• Viewliner II Delivery/Production

  • Discussion related to Amtrak also known as the National Railroad Passenger Corp.
Discussion related to Amtrak also known as the National Railroad Passenger Corp.

Moderators: GirlOnTheTrain, mtuandrew, Tadman

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  by electricron
 
gokeefe wrote: Sat May 15, 2021 12:04 pm I think it's at least in the realm of possibility right now. If Scranton and Allentown can be on a list for service along with Long Island and a new tunnel I think anything is possible ...
The problem with Long Island, Scranton, and Allentown is that you do not need a Viewliner sleeper to go there from New York City.
There are over 600 Amtrak coach cars being or will be replaced, Amfleet 1s and 2s, and Horizon cars. Amtrak can not wait 600 months or 50 years, at a pace of one car per month, to replace all of them. Somebody else is going to have to build them than the very slow factory in Elmira, NY. 50 years is just too long!
  by R36 Combine Coach
 
By comparison the 492 Amfleet Is were delivered by Red Lion over the course of 23 months - July 1975
to June 1977 (final car) - average of 21 cars a month.

The record of passenger car deliveries in North America seems to be NYCT's IRT R33 Main Line class
(8806-9305) with 500 delivered in eight months (November 1962-July 1963) - an average of 62.5 cars
monthly.
  by gokeefe
 

electricron wrote:
gokeefe wrote: Sat May 15, 2021 12:04 pm I think it's at least in the realm of possibility right now. If Scranton and Allentown can be on a list for service along with Long Island and a new tunnel I think anything is possible ...
The problem with Long Island, Scranton, and Allentown is that you do not need a Viewliner sleeper to go there from New York City.
Of course. I was just making a point about the scale and breadth of Amtrak's current strategic perspective. They seem very open minded right now to expansion and the need for growth. I think this carries over to single level equipment.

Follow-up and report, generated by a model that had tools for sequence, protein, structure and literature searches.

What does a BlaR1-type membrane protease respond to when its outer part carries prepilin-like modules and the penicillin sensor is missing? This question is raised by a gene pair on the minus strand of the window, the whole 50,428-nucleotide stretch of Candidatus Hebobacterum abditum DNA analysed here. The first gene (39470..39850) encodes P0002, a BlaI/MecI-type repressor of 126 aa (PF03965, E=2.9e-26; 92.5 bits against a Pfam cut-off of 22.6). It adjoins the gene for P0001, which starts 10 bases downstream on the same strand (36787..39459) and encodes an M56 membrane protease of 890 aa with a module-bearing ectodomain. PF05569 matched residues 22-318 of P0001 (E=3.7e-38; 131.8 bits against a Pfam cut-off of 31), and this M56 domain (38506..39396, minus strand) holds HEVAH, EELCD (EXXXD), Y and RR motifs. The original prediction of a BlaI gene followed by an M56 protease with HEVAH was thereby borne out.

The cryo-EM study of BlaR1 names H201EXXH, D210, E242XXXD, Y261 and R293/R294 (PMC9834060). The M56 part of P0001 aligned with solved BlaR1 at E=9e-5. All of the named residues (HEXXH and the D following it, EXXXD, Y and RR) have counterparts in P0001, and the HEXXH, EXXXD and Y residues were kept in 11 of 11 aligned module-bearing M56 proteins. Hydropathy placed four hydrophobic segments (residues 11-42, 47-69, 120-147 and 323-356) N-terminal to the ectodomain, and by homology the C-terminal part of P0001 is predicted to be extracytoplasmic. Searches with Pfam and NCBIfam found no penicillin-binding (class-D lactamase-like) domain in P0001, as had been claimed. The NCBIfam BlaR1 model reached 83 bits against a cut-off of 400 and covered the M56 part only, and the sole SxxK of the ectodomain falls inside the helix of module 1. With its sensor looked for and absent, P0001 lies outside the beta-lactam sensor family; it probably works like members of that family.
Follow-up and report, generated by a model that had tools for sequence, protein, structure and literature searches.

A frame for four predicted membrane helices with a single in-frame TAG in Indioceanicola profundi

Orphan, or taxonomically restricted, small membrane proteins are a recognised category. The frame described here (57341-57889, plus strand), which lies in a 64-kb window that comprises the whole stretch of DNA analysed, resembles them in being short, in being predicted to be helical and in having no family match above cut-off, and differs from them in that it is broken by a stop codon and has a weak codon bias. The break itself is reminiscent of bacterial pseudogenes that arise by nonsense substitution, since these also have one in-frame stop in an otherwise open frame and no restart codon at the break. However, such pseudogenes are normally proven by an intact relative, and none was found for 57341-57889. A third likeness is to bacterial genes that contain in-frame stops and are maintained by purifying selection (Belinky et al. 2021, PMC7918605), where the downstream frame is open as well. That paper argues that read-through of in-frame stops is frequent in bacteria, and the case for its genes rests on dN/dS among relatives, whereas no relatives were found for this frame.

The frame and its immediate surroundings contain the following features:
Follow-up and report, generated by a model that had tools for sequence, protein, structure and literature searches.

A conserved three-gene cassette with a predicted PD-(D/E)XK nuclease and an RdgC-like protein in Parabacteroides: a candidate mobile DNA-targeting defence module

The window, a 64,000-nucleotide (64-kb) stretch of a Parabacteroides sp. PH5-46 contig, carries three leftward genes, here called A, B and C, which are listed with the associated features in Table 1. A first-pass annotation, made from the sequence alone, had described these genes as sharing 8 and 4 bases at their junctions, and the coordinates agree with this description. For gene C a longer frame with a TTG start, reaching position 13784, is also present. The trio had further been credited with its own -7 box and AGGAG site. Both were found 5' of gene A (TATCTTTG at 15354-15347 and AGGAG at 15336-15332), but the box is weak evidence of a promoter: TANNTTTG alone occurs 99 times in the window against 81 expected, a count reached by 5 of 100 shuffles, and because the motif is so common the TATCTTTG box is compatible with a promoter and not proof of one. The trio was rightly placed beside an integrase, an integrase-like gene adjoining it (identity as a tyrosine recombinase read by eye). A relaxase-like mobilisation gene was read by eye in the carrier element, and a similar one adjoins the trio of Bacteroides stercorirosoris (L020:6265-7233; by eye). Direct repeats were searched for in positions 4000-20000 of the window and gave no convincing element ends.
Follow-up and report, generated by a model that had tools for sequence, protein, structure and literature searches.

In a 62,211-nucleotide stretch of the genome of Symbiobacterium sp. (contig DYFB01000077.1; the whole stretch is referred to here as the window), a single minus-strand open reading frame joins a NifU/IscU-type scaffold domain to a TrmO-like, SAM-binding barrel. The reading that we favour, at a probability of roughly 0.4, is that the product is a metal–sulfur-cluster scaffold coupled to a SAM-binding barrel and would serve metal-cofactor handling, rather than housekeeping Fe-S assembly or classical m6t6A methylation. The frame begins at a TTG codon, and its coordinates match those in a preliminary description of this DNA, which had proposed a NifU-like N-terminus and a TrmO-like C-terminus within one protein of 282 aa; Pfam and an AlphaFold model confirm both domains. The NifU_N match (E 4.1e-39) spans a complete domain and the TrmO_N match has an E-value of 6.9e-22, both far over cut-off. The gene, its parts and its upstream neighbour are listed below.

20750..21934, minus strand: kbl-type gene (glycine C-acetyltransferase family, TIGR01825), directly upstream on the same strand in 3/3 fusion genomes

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  by Greg Moore
 
In light of the news today regarding the Seimens order and the Acela order, starting to think CAF's gaining company...
  by David Benton
 
Acela 1 and Acela 2 now.
and they all have one common denominator, Amtrak and / or state partners.
But I don't think that is the problem , i think the problem is the lack of continuity of orders , not allowing product development , or the fixing of bugs.
Personally , I wouldn't buy the first model of anything, Car , bike , computer , software. Then Again , I don't usually buy new anyway .
  by Matt Johnson
 
I've noticed that the Silver Star and Silver Meteor are consistently running a mix of Viewliner I and Viewliner II sleepers now. I'm wondering if this is the long term plan or if eventually the equipment will be more segregated. Is there any differentiation in the reservation system - i.e. would you like to pay more for newer upholstery, fixtures, etc in a roomette where you don't have to crap next to the bed - or is it just luck of the draw for people making reservations?
  by electricron
 
Matt Johnson wrote: Sat Jun 12, 2021 4:01 pm I've noticed that the Silver Star and Silver Meteor are consistently running a mix of Viewliner I and Viewliner II sleepers now. I'm wondering if this is the long term plan or if eventually the equipment will be more segregated. Is there any differentiation in the reservation system - i.e. would you like to pay more for newer upholstery, fixtures, etc in a roomette where you don't have to crap next to the bed - or is it just luck of the draw for people making reservations?
Toilets per passenger should be addressed, because I believe the Viewliners 1s have a better layout than the 2s.
Superliner standard sleeper = 4 Rooms with, 1 Handicap room with, 1 Family without, 14 Roomettes without, and 5 shared toilets. That sums up to 10 toilets for 20 cabins, or one toilet for every 4 passengers. it is a little worse when you just look at just the Family and Roomettes sharing 4 toilets - 4 toilets for 30 passengers, around one toilet for every 7.5 passengers.
Viewliner 1 = 2 Rooms with, 1 Handicap room with, and 12 Roomettes with. That sums up to 15 toilets for 15 cabins, or one toilet for every 2 passengers. No shared toilets at all.
Viewliner 2 = 2 Rooms with, 1 Handicap room with, 12 Roomettes without, and 2 shared toilets. That sums up to 5 toilets for 30 passengers, or one toilets for every 6 passengers. It is a lot worse when you look at 2 shared toilets for 24 passengers, around one toilet for every 12 passengers. Eeeeeek! :(

For those who might be grossed out having a toilet in your roomette, ask your partner to walk the train while you do what you have to do. As for the occasional miss-aim, there are paper towels to clean up afterwards available.
  by Matt Johnson